WATCH: Kima Jones Reads James Cagney’s Poem “Identity to Burn”
“Poetry is the most honest way for me to express my gratitude to the literary community.”
Featured photo of Kima Jones by Rohan DaCosta.
This year, on September 19, 2021, I turned 39 years old. This decade is marked by all I’ve built through Jack Jones Literary Arts, and, at the center of my building, is my love for black poetry because, after all, it is the thing that keeps me here, on this plane, helping me to find meaning in my large and small moments: arresting, transformative, necessary, and beautiful. Because I know poetry that is completely round and balanced in its existence, because I know poems that have become shoes for me and carried me as I went about building a life for myself, I see the poems I love everywhere and use them as sight to guide my choices.
When my friends at Nomadic Press first sent their book bundle, my schedule didn’t allow me to start any of the titles right away. At the urging of J.K. Fowler, Nomadic’s publisher, I made room and time to start James Cagney’s Black Steel Magnolias in the Hour of Chaos Theory. I read the first poem and then shut the book. I read the second poem, screamed, and shut the book again. I stayed up all night reading and rereading the book and then I got J.K. Fowler on the phone the next morning to let him know that he was right.
In thinking about the ways to celebrate myself and this decade, I knew that poetry would be the most honest way for me to express my gratitude to the literary community that has sustained me and allowed for my work to grow sprawling in all the ways that it has.
And because it is my birthday, I want to share the feeling that I felt with all of you, hoping that maybe we can get together to talk about the intensity we feel when we read James Cagney. I chose to start my 39th year at the Botanical Garden, in the native gardens, with my sister and her children. Here, exclusively for Literary Hub, is James Cagney’s “Identity to Burn” alongside an interview with him, my gift to myself and to all of you.
Kima Jones: Talk more about Black Steel Magnolias in the Hour of Chaos Theory. What is the significance of the title and can you talk about your inspiration and drive for writing the book?
James Cagney: The title is me. I tell people it’s an extra poem. It’s that, but it’s also my sense of humor, my fancy signature. It was a language doodle in my notes that I wanted to use one day. I put it in the manuscript because quite frankly, I would pick up a book with that title. There were more logical, simpler titles. I went back and forth over it but I finally thought, It’s my first book, it might be my only book—I’m cashing out this title right now.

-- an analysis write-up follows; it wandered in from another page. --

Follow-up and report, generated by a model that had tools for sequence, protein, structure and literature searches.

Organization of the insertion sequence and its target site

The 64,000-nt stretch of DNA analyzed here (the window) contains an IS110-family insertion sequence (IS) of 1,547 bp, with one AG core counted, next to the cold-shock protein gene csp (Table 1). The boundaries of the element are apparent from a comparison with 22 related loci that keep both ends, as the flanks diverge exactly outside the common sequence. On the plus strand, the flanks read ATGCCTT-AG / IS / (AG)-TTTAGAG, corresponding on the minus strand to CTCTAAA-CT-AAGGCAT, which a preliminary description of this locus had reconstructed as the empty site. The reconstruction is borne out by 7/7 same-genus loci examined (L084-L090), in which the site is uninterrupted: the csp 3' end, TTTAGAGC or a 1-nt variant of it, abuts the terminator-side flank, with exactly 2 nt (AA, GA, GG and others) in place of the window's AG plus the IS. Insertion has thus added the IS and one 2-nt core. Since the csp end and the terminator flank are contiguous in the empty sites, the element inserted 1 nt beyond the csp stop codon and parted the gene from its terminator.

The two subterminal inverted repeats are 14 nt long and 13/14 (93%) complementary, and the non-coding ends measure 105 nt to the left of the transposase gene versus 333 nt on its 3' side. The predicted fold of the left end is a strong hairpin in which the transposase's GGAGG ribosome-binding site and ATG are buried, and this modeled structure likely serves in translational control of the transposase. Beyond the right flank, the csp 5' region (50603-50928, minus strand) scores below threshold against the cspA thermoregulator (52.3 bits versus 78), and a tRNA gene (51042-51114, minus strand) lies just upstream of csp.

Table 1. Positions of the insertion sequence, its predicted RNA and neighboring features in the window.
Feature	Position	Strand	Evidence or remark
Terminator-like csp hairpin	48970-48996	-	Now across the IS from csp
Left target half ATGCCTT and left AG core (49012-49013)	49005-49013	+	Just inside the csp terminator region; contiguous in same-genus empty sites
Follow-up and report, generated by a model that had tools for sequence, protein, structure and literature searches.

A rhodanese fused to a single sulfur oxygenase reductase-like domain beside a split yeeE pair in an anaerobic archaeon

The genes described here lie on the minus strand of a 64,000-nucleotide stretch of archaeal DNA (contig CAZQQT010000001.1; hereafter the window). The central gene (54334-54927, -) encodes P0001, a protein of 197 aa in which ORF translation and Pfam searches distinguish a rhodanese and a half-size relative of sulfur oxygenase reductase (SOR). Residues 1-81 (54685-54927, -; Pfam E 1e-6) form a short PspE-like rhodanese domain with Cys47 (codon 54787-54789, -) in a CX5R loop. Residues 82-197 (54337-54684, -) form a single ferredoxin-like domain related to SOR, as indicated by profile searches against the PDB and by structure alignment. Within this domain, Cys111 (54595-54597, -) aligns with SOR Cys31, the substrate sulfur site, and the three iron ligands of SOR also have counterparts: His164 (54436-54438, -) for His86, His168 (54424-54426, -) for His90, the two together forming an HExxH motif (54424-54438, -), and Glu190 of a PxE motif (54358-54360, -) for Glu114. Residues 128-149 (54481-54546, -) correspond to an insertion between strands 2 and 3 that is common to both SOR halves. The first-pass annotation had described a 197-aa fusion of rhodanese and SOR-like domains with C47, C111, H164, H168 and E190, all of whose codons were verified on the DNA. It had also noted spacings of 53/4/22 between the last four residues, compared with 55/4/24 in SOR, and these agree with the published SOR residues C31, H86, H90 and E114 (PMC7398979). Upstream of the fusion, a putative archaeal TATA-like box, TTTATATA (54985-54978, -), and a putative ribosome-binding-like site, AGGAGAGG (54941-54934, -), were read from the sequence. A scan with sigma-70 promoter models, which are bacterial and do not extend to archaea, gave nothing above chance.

KJ: What is the experience of publishing your debut at this time in the world? A pandemic, mass evictions… it feels so bleak but at the same time very helpful. Do you have more thoughts around how writing has helped you to better cope with all that’s going on?
JC: Writing has always stabilized me through some monstrously difficult times. Writing is both a kind of meditation and dialogue and it’s always been a vehicle for me to relieve something or work something out. When I didn’t have anyone to vent to, I could write. And the action of journaling was healing to me. A way of grounding something out of myself. Things do feel heavy and bleak right now. All I would tell people is be an active witness in your life and work. Document what’s happening in your life and your heart. If we manage to find a way to thrive in another hundred years or so, people might want to know what happened to us at this time, what we were doing, how we survived.
KJ: You’re a black Oakland poet, signed to an independent black press that’s based in Oakland. I’d love to hear more about your relationship to your city and the ways it shows up in the book.
JC: I owe everything I am to Oakland. The textures in my poems come from life in Oakland. The poetry community in the Bay has birthed and sustained me since day one. For a long time I was happy just to be with my poetry family and occasionally selling chapbooks for burrito money. I was thrilled when Nomadic Press announced itself and its intention as a publisher. Over the years many writers I knew chased publishing opportunities elsewhere. Truthfully, I’m glad I was able to take this journey with them. They’re all about community love.
KJ: More than anything else, what do you want readers to walk away from the book feeling?
JC: I don’t know. People bring different perspectives and readings of the book back to me that I hadn’t thought of. That’s incredibly valuable to me. I try really hard to make the poem stand up on its own, by practicing and re-writing it. When I can develop it no further, the poem lives or dies on its own. It’s either funny or sad or thoughtful or pretty or it’s not. I hope readers enjoy the work, enjoy the poems. But when they close the book and look up at me, I would just listen.
KJ: What is one of your hopes for the future of literature?
JC: That people keep experimenting and pushing language and storytelling forward in different ways. My hope is that people keep trying new and different things. More than anything, I hope people keep writing the truth.
Nomadic Press knits community relationships through publishing intentional books and hosting events across the US and beyond with a particular focus on the hyperlocal. Headquartered in Oakland, California, Nomadic Press weaves together platforms for intentionally marginalized voices to take their rightful place within the world of the written and spoken word and builds alliances and community partnerships with others who share a collective vision for a future far better than today.